Sadtu says it can not "continue sending condolence messages to families of members" that had died because of the virus
THE NATIONAL executive committee of the SA Democratic Teachers’ Union (Sadtu) will on Tuesday hold a virtual meeting to devise a response to the surge in Covid-19 cases across the country, it said.
The union said via a statement that it could not “continue sending condolence messages to families of members” that had died because of the virus.
The meeting is to take place despite Sadtu having not yet received a response from Basic Education Minister Angie Motshekga to its requests for an urgent meeting with her, it said.
That meeting – when it takes place – will entail discussions on the “alarming increases in infections”, said media officer Nomusa Cembi.
She said Sadtu wrote to Motshekga last Thursday.
South Africa is nearing the peak of its Covid-19 outbreak, which led president Cyril Ramaphosa to reinstate a ban on the sale of alcohol, via a televised address, on Sunday night. The ban is intended to free up hospitals from having to deal with alcohol-related injuries, including drunken driving, and instead to focus on Covid-19 cases.
According to the country’s National Institute for Communicable Diseases (NICD), the number of Covid-19 infections thus far sits at 276,242.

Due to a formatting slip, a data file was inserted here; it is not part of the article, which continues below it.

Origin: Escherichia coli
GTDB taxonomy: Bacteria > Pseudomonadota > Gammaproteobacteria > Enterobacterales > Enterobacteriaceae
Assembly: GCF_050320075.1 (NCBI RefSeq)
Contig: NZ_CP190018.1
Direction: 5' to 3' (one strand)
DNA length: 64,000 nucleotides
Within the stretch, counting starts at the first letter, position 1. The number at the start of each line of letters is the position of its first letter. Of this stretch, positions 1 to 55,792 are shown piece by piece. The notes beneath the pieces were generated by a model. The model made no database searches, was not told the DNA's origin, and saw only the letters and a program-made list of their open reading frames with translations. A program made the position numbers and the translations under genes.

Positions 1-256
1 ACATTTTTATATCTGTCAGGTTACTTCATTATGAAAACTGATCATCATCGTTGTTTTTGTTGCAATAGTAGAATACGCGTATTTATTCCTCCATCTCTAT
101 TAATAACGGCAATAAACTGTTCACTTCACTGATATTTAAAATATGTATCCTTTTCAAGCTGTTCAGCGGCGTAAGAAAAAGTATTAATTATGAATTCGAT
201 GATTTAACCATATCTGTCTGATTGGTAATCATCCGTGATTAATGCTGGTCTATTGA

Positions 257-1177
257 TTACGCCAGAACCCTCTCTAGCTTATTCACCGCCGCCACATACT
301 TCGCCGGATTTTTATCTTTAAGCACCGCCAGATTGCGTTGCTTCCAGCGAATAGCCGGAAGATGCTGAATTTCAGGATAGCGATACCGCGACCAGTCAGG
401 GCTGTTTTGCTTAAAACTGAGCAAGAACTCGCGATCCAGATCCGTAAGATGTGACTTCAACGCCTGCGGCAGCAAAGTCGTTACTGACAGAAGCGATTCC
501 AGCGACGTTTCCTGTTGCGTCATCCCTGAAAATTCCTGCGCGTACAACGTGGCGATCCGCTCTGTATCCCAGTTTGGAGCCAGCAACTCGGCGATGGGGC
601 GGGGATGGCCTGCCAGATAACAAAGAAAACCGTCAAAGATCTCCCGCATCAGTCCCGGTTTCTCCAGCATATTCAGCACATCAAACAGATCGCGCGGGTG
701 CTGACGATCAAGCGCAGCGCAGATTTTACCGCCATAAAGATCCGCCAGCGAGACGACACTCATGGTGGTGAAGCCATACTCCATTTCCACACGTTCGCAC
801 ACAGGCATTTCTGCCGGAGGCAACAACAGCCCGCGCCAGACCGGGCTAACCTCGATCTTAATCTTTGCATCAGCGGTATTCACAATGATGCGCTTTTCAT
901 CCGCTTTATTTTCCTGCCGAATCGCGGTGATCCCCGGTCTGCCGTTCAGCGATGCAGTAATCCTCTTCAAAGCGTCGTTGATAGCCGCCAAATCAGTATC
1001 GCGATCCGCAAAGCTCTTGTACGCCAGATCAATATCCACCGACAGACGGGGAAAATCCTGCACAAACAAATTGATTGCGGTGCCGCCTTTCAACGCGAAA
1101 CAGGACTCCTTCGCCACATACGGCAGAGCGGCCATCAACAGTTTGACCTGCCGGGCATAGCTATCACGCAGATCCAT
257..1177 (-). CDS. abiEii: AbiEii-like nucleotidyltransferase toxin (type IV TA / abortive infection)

The recovery rate is 134 874, with 4 079 people having succumbed to the virus.
“There are some among us who ignore the regulations that have been passed to combat the disease. They also act without any responsibility to respect and protect each other. In the midst of our national effort to fight against this virus there are a number of people who have taken to organising parties, who have drinking sprees, and some who walk around in crowded spaces without masks,” said the president in his live address.
“This is how the virus is spread – through carelessness and through recklessness,” he added.
Even though South Africa is currently experiencing a surge in positive cases, he said, the fatality rate was only 1.5%, one of the lowest in the world.
“We have conducted more than two million coronavirus tests, and community health workers have done more than 20 million screenings. We have made available almost 28 000 hospital beds for Covid-19 patients and have constructed functional field hospitals across the country,” said Ramaphosa.
“We now have over 37 000 quarantine beds in private and public facilities across the country, ready to isolate those who cannot do so at home. We have secured 1 700 additional ventilators, and companies in South Africa are in the process of producing another 12 000 ventilation devices for delivery between the end of July and the end of August,” he added.
– African News Agency (ANA)